Plastic Recycling

UK joins G7 in ocean plastics plan

Plastic bottles and rubbish pollution in ocean

The UK, sitting among five other industrial powers, has signed up to a new charter that will help to protect the oceans from pollution.

Although the United States and Japan both refused to join, five countries at the G7 summit committed to work with their industries so that 100% reusable, recyclable or recoverable plastics are used by 2030.

A communique said: “We recognise the urgency of the threat of ocean plastic waste and marine litter to ecosystems and the lost value of plastics in the waste stream.

It continued, saying that: “We commit to building on previous G7 commitments and taking a lifecycle approach to plastics stewardship on land and at sea, moving towards a more resource efficient and sustainable management of plastics.”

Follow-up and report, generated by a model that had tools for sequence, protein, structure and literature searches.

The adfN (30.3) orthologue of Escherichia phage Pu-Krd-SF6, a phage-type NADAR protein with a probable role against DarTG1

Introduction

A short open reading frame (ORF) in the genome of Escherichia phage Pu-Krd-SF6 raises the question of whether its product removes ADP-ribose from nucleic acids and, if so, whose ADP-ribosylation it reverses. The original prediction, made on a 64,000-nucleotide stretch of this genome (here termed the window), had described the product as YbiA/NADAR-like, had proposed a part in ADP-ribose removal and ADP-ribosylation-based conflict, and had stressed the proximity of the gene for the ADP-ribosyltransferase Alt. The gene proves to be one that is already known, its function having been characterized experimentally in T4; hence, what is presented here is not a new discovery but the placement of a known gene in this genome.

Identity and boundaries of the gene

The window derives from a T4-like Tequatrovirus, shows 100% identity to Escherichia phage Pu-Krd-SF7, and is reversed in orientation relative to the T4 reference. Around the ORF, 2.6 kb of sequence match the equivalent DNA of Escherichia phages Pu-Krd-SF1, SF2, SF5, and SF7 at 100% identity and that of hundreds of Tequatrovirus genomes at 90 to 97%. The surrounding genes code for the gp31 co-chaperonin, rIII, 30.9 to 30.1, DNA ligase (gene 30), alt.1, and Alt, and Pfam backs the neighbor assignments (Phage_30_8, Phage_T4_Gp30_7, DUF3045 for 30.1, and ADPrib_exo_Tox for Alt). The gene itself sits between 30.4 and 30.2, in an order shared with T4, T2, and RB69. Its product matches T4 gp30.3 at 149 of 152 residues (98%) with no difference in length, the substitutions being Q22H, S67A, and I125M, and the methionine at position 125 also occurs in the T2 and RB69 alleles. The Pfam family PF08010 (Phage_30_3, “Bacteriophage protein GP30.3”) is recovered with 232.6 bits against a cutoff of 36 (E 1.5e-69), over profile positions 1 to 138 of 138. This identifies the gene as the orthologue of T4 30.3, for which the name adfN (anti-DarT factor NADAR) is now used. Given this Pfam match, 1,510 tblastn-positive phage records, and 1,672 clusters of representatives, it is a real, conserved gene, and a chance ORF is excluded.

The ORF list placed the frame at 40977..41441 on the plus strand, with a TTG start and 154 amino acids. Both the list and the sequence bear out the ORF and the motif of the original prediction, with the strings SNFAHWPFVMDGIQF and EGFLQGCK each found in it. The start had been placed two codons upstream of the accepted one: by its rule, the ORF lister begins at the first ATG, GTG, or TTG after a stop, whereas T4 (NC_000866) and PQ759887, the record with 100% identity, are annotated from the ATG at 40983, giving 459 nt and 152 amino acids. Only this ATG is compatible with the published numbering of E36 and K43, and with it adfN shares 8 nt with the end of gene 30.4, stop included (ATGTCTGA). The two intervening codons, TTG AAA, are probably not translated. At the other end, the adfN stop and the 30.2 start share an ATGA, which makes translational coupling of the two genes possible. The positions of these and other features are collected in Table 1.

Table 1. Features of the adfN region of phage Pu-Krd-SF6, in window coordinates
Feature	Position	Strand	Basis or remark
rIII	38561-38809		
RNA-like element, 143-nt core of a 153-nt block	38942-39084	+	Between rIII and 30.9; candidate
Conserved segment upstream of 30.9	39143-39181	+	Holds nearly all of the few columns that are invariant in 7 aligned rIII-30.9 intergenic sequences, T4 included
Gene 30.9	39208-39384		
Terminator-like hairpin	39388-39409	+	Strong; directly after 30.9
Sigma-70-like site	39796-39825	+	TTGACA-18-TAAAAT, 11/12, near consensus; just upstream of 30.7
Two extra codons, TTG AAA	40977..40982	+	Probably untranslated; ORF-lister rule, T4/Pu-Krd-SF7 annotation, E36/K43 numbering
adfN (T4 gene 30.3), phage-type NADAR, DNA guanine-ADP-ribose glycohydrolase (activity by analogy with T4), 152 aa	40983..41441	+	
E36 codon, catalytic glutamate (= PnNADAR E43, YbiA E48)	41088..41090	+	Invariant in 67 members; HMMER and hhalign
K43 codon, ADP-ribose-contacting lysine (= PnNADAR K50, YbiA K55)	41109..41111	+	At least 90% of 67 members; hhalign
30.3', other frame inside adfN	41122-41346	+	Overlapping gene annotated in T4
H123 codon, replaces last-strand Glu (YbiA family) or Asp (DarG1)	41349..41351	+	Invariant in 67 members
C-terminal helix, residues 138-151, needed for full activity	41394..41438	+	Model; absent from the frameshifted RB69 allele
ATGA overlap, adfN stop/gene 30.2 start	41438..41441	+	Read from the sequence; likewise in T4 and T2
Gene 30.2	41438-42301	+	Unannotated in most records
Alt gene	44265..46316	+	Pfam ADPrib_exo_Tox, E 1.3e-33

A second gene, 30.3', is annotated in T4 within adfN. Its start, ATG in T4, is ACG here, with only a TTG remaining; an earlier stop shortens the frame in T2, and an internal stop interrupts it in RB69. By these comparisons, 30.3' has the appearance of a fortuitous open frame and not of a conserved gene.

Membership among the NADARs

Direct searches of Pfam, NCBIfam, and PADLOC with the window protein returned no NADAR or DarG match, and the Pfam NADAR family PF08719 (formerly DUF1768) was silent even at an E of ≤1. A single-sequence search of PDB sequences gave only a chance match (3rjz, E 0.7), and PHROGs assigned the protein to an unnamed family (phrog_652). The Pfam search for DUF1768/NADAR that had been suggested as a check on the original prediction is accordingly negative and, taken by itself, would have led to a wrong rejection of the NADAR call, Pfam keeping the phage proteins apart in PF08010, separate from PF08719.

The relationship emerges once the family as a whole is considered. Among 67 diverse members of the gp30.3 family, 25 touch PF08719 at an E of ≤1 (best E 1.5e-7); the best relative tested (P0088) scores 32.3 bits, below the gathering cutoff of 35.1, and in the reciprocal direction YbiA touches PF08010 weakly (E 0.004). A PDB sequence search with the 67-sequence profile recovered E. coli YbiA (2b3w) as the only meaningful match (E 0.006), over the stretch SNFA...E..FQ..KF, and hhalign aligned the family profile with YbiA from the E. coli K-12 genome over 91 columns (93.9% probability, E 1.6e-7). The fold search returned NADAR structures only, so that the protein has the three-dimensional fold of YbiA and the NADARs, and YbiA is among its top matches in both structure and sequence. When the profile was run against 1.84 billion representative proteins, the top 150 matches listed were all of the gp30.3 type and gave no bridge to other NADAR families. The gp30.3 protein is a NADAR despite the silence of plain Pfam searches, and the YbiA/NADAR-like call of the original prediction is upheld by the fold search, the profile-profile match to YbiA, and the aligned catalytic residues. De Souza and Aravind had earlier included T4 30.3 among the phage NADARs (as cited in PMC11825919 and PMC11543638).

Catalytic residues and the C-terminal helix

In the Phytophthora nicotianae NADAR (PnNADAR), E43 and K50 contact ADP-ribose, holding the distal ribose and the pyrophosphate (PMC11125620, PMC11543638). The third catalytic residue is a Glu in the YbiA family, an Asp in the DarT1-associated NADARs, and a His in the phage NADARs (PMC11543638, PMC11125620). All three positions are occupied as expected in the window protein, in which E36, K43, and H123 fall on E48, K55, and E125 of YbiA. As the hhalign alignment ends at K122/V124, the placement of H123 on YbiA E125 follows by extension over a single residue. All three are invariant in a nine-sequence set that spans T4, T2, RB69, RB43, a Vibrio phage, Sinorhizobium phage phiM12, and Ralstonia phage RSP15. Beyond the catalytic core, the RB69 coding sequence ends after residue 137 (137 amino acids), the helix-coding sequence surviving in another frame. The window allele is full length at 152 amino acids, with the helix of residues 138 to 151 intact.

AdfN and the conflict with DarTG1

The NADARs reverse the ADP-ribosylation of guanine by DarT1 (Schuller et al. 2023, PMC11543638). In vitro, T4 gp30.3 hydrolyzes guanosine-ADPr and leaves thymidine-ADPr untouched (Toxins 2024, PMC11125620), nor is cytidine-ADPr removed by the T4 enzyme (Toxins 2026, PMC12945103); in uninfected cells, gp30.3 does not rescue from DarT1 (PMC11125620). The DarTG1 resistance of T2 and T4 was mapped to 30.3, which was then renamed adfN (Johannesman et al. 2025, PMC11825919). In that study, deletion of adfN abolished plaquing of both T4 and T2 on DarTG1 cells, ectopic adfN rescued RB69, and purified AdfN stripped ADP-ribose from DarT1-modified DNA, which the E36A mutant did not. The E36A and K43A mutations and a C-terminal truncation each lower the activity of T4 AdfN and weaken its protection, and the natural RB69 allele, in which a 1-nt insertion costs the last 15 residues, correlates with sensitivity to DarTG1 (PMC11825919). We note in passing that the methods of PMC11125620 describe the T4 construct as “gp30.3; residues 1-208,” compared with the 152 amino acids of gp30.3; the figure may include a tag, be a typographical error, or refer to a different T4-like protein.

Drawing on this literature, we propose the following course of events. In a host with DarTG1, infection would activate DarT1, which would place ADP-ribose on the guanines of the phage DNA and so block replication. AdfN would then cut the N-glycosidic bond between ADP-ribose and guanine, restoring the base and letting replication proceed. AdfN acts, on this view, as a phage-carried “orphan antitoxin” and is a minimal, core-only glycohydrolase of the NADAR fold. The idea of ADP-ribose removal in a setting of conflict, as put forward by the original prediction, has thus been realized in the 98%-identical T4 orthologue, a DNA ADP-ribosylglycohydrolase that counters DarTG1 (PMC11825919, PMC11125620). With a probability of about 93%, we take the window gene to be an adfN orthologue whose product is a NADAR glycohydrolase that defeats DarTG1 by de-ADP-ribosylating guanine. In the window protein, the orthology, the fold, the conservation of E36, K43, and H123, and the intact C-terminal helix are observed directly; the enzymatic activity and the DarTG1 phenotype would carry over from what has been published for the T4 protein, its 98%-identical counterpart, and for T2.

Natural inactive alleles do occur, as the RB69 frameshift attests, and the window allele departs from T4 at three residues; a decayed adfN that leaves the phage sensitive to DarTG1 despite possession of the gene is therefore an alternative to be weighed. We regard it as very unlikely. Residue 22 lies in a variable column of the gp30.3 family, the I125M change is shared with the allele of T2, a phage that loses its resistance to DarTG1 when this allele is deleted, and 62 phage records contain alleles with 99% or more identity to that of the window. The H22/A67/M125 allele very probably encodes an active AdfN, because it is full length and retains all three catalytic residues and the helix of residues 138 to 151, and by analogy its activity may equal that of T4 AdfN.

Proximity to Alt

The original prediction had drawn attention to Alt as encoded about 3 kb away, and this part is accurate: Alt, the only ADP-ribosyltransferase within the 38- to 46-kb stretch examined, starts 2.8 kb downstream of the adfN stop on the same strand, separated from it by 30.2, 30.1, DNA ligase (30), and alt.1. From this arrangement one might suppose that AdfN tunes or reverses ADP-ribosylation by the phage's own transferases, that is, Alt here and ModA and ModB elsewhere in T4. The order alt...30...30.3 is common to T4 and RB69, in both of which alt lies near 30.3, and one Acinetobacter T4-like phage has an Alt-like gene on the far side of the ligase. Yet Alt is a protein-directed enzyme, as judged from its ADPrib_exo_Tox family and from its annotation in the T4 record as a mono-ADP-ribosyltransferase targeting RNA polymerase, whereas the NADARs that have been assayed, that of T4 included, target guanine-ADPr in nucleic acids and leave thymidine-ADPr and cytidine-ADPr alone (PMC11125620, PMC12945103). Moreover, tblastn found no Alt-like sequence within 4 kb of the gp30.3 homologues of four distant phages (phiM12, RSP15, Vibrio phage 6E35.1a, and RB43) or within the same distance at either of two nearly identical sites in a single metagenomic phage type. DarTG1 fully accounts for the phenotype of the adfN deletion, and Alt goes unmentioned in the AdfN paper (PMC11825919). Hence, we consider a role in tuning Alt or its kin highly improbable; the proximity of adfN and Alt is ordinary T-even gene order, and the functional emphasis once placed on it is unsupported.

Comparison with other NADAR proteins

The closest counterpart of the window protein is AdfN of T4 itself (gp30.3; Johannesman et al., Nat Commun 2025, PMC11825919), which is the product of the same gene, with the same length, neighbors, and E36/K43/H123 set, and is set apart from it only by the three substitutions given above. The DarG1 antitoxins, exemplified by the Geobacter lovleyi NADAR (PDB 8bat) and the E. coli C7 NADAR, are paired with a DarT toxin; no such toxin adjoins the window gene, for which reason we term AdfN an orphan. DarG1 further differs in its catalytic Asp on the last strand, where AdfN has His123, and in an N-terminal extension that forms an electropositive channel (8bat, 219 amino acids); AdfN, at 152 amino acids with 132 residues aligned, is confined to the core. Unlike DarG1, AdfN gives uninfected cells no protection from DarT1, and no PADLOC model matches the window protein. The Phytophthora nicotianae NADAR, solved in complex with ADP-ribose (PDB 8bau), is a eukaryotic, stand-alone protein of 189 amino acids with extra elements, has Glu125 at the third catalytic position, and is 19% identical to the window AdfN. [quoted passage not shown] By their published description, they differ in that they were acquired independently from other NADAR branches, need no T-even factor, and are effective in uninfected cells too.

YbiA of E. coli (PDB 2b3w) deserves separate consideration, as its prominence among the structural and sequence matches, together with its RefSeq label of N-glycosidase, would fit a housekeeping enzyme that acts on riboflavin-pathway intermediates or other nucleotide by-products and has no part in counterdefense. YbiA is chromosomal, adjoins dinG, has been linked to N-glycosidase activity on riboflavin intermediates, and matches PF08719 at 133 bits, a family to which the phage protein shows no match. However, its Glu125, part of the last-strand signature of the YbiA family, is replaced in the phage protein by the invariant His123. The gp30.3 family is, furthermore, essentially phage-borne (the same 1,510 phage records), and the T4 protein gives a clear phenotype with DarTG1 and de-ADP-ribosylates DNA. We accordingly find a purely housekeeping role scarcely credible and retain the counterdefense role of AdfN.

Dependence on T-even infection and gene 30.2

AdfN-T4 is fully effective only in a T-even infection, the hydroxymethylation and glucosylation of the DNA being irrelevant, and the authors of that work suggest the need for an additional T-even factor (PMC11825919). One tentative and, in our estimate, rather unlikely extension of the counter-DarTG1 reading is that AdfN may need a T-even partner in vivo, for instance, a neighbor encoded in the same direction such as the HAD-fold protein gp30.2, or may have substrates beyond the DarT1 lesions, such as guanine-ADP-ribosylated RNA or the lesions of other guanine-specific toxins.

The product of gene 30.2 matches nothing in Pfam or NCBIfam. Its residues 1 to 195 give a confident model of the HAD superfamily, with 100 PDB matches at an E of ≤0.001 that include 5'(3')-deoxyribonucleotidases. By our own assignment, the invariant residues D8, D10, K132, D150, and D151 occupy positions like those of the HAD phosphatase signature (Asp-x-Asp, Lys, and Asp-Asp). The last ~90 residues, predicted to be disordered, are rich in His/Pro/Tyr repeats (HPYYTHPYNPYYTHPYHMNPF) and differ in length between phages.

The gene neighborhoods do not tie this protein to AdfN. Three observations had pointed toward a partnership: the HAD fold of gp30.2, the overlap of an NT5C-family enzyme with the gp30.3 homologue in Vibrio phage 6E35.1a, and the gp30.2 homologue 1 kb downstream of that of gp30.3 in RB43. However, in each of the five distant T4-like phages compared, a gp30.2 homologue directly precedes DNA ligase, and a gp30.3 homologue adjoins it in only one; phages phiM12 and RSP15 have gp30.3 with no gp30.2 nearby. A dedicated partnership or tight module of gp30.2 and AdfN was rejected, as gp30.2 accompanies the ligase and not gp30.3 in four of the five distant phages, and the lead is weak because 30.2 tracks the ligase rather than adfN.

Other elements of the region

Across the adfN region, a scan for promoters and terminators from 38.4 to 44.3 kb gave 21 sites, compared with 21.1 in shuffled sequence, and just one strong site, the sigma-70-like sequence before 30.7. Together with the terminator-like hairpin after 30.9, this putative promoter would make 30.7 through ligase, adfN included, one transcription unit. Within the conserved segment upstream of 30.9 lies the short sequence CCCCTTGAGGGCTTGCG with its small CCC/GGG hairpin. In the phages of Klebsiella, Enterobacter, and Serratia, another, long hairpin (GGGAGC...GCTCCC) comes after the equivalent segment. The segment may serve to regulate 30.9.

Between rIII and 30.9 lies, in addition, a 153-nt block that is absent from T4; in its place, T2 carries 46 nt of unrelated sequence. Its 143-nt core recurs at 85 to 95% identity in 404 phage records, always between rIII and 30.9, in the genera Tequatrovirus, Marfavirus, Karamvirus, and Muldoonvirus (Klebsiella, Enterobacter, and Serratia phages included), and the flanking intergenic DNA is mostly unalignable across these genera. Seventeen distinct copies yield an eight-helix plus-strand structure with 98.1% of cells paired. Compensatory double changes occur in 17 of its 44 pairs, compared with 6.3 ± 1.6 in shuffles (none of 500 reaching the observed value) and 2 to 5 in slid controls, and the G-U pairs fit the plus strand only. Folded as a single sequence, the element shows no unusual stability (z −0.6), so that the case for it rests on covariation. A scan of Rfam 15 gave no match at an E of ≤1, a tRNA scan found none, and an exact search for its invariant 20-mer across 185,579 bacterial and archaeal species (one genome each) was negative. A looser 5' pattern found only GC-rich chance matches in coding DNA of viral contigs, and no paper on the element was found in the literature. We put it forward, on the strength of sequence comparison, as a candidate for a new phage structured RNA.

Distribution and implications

Alongside the UK, Canada, France, Germany, Italy, and the European Union committed and pledged to recycle and reuse at least 55% of plastic packaging by 2030 and recover no less than 100% of plastics by 2030.

Jennifer Morgan, Greenpeace International executive director, said: “While the leadership to outline a common blueprint is good news, voluntary charters focused on recycling and repurposing will not solve the problem at the source.

“It’s time for the world’s largest economies to recognise that we cannot simply recycle our way out of this problem while we keep churning out so much throwaway plastic in the first place.

“Governments must move beyond voluntary agreements to legislate binding reduction targets and bans on single-use plastics, invest in new and reuse delivery models for products, and hold corporations accountable for the problem they have created.”

Andy has worked as a freelance journalist for a number of years and has been published in some of the UK’s top newspapers. He is now the editor Commercial Waste Magazine and contributes to a large selection of headlines and blog articles on the site.

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